On the other hand the 12v battery has a large draw on the system from the smart key transponders that are constantly looking for someone to walk up to the vehicle. There should be a short pin in the engine bay fuse box to cut the non-essential circuits, normally used for factory transport. The 12v battery negative can also be disconnected which is the best method, its a little tight to get the terminal off and away from the battery but the console panel comes off very easy. There will be warning lights after reconnecting the battery but they all go out after the car does its self calibration driving normally.

You can try turning off all accessories, hvac, auto lights, dome light, etc when leaving it to give the car the best chance to start back up, then try to start after one month but I would bet the small 12v battery will be dead by then, it will be close though. The issue here is that with agm batteries even going dead once can kill the batteries health and it will fail a battery test even after fully recharging it.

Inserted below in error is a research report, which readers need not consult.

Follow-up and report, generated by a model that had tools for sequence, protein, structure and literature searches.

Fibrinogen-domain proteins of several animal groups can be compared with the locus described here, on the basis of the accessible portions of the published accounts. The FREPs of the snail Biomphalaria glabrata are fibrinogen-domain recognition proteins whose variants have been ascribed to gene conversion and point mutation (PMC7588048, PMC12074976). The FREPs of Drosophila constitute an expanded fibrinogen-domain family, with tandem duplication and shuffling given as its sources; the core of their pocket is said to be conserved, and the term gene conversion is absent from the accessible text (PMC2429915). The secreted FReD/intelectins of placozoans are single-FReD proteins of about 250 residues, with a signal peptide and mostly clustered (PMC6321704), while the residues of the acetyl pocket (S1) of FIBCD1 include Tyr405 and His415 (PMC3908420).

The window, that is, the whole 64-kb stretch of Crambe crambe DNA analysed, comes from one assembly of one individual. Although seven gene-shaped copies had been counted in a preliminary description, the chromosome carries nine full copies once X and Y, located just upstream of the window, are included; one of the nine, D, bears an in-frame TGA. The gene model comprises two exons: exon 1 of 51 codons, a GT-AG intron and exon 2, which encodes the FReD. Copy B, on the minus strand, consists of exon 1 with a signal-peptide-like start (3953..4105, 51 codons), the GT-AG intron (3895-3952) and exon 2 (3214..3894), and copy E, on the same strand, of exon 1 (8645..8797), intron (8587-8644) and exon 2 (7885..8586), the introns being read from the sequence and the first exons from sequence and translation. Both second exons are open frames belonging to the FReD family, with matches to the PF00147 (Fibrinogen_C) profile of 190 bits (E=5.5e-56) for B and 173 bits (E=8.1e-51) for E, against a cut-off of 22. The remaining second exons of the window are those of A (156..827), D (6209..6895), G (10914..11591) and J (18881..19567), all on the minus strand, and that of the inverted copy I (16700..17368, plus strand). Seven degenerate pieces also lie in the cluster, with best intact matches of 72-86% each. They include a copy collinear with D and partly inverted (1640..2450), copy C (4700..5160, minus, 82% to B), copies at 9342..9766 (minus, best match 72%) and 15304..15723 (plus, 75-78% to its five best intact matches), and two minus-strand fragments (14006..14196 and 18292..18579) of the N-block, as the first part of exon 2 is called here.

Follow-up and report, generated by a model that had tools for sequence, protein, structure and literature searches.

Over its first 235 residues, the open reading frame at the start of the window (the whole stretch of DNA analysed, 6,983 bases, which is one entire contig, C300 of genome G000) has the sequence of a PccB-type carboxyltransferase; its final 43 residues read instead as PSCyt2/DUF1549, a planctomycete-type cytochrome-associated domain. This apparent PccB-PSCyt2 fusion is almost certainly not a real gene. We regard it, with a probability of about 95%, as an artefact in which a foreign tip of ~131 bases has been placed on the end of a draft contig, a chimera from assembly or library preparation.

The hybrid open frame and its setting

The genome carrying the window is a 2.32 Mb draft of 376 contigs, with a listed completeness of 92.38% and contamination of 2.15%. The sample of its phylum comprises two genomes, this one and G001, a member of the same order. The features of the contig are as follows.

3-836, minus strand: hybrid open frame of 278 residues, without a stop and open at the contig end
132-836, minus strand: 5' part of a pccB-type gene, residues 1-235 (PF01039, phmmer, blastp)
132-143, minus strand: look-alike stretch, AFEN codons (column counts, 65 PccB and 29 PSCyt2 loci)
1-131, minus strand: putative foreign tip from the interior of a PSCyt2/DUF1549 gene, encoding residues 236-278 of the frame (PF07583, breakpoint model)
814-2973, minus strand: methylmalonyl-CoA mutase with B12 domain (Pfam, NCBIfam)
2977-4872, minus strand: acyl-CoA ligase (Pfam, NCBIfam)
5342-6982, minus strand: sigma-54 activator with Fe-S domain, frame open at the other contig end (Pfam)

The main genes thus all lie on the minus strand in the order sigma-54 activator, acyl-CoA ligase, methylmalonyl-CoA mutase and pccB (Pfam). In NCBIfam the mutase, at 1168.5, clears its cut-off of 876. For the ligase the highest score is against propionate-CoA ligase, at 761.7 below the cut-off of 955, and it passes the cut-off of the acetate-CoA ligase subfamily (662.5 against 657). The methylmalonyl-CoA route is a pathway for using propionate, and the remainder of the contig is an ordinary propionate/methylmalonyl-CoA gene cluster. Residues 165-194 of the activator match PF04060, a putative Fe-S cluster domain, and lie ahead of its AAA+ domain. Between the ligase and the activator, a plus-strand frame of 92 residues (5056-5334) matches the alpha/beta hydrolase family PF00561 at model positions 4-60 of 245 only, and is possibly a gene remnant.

Thank you for the infos. I would be surprised if the car doesn't start after a month in the summer. Last winter, I left for two weeks, temperatures were probably around 20˜F and the car started right away.
 

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Discussion Starter #5
Could it be bad to park it at above 90%? With potentially 90s weather? It's typically not great for phones so I suppose it's the same for cars? I think phones are shipped/stored at about 60%...